Subscribe via RSS Feed

The Elephant in the Room of #POCUS-guided (and other) Procedures

January 27, 2017 0 Comments

elephant in the room

Can I tell you a secret?

I did 5 years of residency, 2 years of family medicine in Canada (Quebec City) and 3 years of EM in the United States (Milwaukee). Both programs were really good and I got to do a variety of procedures and many of them. But even with all that training, I have done many more different types of procedures once in practice than I did in residency. That’s right. I have done many procedures for the first time once I was already in practice without the benefit of direct supervision. This includes procedures done with POCUS guidance and without. And I’m not alone. The reality is that this is the case for many, if not most emergency physicians.

If you consult your favorite procedure book (Roberts & Hedges, Reichman, etc.), you will note that there are literally hundreds of procedures in the scope of emergency medicine. It is simply not possible, even in the longest residencies on the planet, to have performed all of these procedures at least once while in training. Is this less than ideal? For sure. Should we be doing this? We often don’t have much choice. Although EM practice varies from town to city to province/state to country, in many cases, we are expected to do these procedures, by patients, by families, by nurses, and by consultants in other specialties. In some cases, patients may die if we do not act. In other cases, their suffering will be prolonged.

Even though we may not have performed all EM procedures during our training, we should still have the ability to perform any EM procedure. How do we come by that ability? There is a general knowledge base and a psychomotor set of skills that layers into our brains, special senses, and hands over the course of medical school and residency. How can we build on that base once in practice? When performing a procedure that is new to us, there are many strategies that can be employed to help us get over the hump. When a procedure is simple and low-risk, Google and YouTube might be all that one needs to supplement our core skill set. A deeper reading of a procedure book or article may be required for a procedure that is more involved or complex. A course is a good option, especially for a skill that is completely novel to us (e.g. airway course for video laryngoscopy).

But there is one skill or attribute that, although softer, is at least as important as the harder skills mentioned above for tackling a new procedure. That attribute is confidence. We can increase our knowledge by reading around a new medication (e.g. DOACs) or enhance our decision-making by learning about a new clinical decision instrument. We don’t need as much confidence to add this new information to our practices and augment the EM care that we provide. But to use a new procedure on a patient…that takes confidence!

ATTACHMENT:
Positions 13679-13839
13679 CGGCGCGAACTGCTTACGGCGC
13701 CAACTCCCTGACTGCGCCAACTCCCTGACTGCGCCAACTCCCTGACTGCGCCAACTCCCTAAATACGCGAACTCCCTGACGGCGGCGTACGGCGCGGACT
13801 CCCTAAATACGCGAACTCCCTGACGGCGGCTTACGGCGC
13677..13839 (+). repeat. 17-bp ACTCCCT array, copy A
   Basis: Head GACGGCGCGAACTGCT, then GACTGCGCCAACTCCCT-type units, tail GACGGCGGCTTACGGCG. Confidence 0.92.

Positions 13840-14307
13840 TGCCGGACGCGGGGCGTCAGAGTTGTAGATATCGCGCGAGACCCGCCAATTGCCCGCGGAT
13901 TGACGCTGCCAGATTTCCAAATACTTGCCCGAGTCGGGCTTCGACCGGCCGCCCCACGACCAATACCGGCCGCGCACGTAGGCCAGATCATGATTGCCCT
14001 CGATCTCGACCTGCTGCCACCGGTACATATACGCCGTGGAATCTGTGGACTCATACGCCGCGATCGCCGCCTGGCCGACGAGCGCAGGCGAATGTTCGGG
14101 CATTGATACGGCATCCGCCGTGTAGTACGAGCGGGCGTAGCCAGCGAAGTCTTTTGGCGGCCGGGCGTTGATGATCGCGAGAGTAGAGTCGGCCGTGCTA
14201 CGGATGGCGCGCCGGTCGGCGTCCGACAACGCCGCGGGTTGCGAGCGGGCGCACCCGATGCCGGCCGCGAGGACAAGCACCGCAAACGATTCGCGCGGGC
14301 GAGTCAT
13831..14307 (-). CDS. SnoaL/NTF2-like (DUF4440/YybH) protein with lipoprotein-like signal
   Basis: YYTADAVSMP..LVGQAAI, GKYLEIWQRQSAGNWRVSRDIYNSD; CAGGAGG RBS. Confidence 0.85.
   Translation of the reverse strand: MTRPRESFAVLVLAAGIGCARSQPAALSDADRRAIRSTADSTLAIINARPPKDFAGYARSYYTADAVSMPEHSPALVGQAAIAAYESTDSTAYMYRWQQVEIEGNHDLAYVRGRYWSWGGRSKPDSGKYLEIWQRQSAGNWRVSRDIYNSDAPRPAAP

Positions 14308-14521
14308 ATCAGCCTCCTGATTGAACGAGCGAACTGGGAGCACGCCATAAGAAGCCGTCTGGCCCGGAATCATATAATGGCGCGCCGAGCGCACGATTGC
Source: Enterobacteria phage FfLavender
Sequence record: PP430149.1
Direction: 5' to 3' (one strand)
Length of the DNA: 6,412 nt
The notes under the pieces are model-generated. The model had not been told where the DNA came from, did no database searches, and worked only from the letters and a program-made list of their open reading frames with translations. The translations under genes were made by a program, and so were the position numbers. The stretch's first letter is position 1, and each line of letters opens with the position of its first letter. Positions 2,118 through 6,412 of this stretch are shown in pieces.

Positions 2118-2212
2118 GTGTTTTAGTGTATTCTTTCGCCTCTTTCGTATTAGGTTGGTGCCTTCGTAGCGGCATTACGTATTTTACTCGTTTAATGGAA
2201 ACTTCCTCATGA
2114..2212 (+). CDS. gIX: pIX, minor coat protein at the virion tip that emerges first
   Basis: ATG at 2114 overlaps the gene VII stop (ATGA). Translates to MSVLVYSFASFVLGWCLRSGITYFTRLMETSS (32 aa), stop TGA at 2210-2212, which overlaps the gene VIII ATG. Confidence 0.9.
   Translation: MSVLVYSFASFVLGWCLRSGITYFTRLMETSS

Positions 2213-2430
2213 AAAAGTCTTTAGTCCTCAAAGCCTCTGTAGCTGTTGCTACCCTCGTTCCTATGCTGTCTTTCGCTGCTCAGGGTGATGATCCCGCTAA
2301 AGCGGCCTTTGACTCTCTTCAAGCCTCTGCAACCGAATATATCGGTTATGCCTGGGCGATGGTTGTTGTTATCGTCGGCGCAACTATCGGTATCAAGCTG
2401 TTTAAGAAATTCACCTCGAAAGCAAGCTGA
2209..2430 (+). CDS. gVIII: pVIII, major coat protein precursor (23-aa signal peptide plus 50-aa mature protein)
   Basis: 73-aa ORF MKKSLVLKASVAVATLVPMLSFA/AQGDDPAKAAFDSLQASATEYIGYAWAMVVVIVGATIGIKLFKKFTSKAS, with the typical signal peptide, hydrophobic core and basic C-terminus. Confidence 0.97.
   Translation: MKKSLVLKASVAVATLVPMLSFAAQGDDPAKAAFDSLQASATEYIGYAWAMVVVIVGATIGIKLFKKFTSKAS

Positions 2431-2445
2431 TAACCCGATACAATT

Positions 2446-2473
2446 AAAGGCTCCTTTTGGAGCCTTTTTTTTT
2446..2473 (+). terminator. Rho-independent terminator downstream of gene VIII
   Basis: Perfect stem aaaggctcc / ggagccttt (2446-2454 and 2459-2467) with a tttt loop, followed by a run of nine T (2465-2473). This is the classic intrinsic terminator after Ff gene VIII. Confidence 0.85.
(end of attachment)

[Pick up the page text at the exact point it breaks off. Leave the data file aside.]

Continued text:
The trouble is that our confidence is put to the test on a regular basis. It can really take a beating. This is especially true in medical school, residency, and early in our careers. In high school and university, many physicians had a 95% average…truly superior! However, if we maintain that average into our medical careers, that means we are wrong 1 out of 20 times! Not a recipe for maintaining confidence.

What is required to build and maintain confidence? Well, I am no expert on confidence. I don’t have a full set of solutions laid out. But it starts with recognition. It is important to put out there that (1) Emergency physicians perform new procedures (or new to them) once they are in practice and (2) Confidence is one of the attributes required to do so.

I will leave you with 2 links related to confidence that I found interesting: a post by a Dr Luckett (EM resident in Hamilton) who talks about confidence from the perspective of a female resident (equally useful for male MDs!), and one by Jeff Haden at who talks about perseverance from a military angle.



P.S. If you have the luxury of having more than one physician on shift at the same time, it gives you another option. It helps to have senior colleagues who, while on shift, can help out a younger physician. And, sometimes things are flipped. For novel procedures, it might be the young pup showing the old dog the new trick 😉

Leave a Reply

%d bloggers like this: